Baylor to host etiquette dinner for students RYLEE SEAVERS Staff Writer Baylor Career and Professional Development will hold its annual Etiquette Dinner on April 6. The dinner is a chance for students to learn about proper etiquette in business settings said Haley Davis, career event and program coordinator. “It’s the little things that make a good candidate stand out,” Davis said. Davis said companies are often looking at how a person interacts with people and carries on conversation before hiring. They want to hire people that will be good representatives of their company, and good etiquette is central to that, Davis said. Sarah Aynesworth will teach students about etiquette at the event. Aynesworth has been teaching etiquette since 1996 and said etiquette can help people feel confident in professional and social situations. “It’s important to know [etiquette] because it makes you feel confident, and when you feel confident you make other people feel confident,”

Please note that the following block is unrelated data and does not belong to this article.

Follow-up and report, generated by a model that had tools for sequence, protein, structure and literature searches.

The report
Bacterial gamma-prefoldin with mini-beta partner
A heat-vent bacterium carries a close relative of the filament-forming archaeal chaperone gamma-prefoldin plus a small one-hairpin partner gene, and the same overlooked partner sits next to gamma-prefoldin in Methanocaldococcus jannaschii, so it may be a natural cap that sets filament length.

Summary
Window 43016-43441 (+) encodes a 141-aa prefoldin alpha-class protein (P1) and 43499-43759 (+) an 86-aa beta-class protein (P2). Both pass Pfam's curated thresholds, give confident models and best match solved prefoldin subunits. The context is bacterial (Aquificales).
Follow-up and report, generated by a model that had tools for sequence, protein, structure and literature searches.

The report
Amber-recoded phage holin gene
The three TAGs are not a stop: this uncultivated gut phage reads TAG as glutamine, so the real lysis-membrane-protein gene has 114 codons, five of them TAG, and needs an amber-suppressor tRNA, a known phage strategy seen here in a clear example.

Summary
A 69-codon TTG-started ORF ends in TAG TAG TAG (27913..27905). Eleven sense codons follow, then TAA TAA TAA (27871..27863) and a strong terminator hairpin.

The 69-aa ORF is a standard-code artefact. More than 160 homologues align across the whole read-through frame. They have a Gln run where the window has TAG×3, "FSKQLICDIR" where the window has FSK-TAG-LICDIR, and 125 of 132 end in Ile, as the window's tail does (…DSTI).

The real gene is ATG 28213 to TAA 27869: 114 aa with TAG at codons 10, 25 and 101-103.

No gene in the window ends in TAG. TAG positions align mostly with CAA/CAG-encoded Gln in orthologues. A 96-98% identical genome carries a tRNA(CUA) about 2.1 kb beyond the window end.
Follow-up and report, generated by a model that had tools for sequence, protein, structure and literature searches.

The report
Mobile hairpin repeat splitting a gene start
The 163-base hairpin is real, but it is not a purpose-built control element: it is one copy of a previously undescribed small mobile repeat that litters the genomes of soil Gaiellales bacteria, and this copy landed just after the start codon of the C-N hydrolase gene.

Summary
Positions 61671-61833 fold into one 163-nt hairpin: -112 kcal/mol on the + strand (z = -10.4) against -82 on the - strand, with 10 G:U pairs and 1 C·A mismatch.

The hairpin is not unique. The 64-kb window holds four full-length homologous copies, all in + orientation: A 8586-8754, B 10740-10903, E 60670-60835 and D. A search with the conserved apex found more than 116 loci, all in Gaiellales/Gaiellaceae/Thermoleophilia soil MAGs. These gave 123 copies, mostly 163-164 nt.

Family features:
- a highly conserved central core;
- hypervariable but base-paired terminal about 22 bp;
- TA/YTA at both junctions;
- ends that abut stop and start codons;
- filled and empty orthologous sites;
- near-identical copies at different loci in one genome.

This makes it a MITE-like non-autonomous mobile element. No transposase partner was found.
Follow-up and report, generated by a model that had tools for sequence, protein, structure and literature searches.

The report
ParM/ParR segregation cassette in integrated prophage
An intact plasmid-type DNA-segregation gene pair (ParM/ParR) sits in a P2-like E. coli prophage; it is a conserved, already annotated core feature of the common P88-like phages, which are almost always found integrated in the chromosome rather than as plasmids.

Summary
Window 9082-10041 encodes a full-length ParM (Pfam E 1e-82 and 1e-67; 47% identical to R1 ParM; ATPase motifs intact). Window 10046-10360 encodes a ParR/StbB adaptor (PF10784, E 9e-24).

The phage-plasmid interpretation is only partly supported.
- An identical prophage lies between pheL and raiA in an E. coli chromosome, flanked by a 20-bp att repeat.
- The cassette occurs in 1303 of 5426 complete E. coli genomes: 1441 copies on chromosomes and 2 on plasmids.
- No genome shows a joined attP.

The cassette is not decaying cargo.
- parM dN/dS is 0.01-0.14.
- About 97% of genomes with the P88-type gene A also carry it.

Photo Illustration by Liesje Powers | Photo Editor

Aynesworth said. In addition, Aynesworth said that etiquette is what relationships are built on, and good manners can make the people you interact with feel valued and manners are also

much more common and practical than most people think, Aynesworth said, and Manners are the details that allow people to go far in life and their career. “Good manners are just a constant

awareness of the feelings of other people,” Aynesworth said. Knowing proper etiquette is also important in a business setting, Aynesworth said, because those are

DINNER >> Page 5 © 2017 Baylor University


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Tuesday, March 28, 2017 The Baylor Lariat